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Five things you should know about China’s NFT market

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Da Roza Andre
Andre Da Roza

Of Counsel

Hong Kong

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19 May 2022

NFTs have become a growing phenomenon in China as in many other places around the world. 

Tiantian Wang and Yihan Zang from our joint operation partner, Shanghai Lang Yue law firm, are also key contributors to this publication

1. Non-Fungible Tokens (NFTs) are embraced in China

NFTs have become a growing phenomenon in China as in many other places around the world since 2021. This is in spite of an unfavourable regulatory environment towards cryptocurrencies, which are also derived from blockchain technology.

Latest developments at a glance

According to a list published by the Cybersecurity Administration of China (CAC) on 3 March 2022, an NFT issuance / incubation platform has become one of the latest market players to complete filings to be a “blockchain-based information service provider.” This clarifies the applicability of China’s developing blockchain regulatory regime to NFT businesses.

NFT market players in China are not limited to private-sector enterprises – some players could also have a government background. The former includes such tech giants as Tencent, Alibaba and Baidu, which have launched their NFT marketplaces. The latter includes Xinhua News Agency and China Central Television, which have developed and issued their NFT products, and government-sponsored cultural artwork exchanges seeking to set up online trading platforms for NFT-based digital artworks.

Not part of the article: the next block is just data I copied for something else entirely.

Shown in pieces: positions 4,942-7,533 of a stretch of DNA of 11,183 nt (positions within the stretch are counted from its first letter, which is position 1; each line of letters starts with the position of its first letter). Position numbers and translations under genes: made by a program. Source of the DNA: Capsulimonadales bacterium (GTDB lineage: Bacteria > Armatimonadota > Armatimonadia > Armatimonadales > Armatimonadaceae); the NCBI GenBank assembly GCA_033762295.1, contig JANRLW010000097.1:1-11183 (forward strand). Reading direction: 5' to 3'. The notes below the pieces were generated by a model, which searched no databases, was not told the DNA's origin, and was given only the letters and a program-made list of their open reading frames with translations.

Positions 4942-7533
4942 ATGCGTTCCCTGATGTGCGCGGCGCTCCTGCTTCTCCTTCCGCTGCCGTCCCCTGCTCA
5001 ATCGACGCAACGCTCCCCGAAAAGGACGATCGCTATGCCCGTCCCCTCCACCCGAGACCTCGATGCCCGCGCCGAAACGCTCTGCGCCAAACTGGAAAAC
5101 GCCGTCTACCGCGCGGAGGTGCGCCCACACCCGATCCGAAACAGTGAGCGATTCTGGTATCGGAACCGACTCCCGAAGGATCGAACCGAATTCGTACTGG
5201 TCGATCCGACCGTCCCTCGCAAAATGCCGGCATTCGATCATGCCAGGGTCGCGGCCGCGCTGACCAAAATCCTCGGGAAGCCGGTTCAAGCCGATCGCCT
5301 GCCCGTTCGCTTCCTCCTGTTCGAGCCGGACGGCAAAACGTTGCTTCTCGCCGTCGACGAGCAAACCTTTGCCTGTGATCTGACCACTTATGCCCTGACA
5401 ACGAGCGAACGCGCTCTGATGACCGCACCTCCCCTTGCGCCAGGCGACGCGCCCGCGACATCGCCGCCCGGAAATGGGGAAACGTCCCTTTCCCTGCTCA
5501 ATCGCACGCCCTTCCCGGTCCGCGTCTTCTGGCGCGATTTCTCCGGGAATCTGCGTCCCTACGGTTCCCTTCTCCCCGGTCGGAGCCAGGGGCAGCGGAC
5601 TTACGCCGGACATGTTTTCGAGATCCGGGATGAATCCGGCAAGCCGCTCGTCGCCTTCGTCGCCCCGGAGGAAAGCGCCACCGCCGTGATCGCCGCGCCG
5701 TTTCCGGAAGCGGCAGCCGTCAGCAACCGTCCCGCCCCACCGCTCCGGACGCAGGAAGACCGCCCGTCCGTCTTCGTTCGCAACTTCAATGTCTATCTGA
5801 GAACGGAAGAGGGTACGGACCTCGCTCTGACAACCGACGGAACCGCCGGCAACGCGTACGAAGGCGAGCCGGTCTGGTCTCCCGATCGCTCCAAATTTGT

2. Definancialisation

While the Chinese government is not hostile to the concept of NFTs per se, it is clear that the Chinese government will have zero tolerance for their financial use.

On 13 April 2022, industrial associations including the National Internet Finance Association of China, the China Banking Association, and the Securities Association of China jointly issued the Proposals on Preventing NFT-related Financial Risks (the Proposals), which set forth some basic principles for NFT-related businesses, with a focus on rebuffing the attempts to financialise or securitise NFTs. While these industrial associations are not government regulators and the Proposals have no legal effect, the Proposals may be seen as “testing the water” and may shed some light on future legislative direction.

Many key onshore market players have adopted the following measures to minimise the financial attributes of NFTs, in order to not be considered as engaging in illegal securities issuance, fundraising or exchange business, or violating the cryptocurrency and ICO ban in general:

  • tokenising artworks on the consortium blockchain rather than the public blockchain;
  • referring NFT products as “virtual collectibles” instead of “tokens” to avoid the apparent association with cryptocurrencies;
  • prohibiting the use of cryptocurrencies for transactions of NFT products;
  • suspending secondary trading of NFT products for the time being; and
  • prohibiting any fractionisation of NFT products.

Some of the measures (such as the ban on secondary trading) may be relaxed or lifted as the regulatory framework on NFTs evolves. However, many others are expected to stay as standard industrial practices.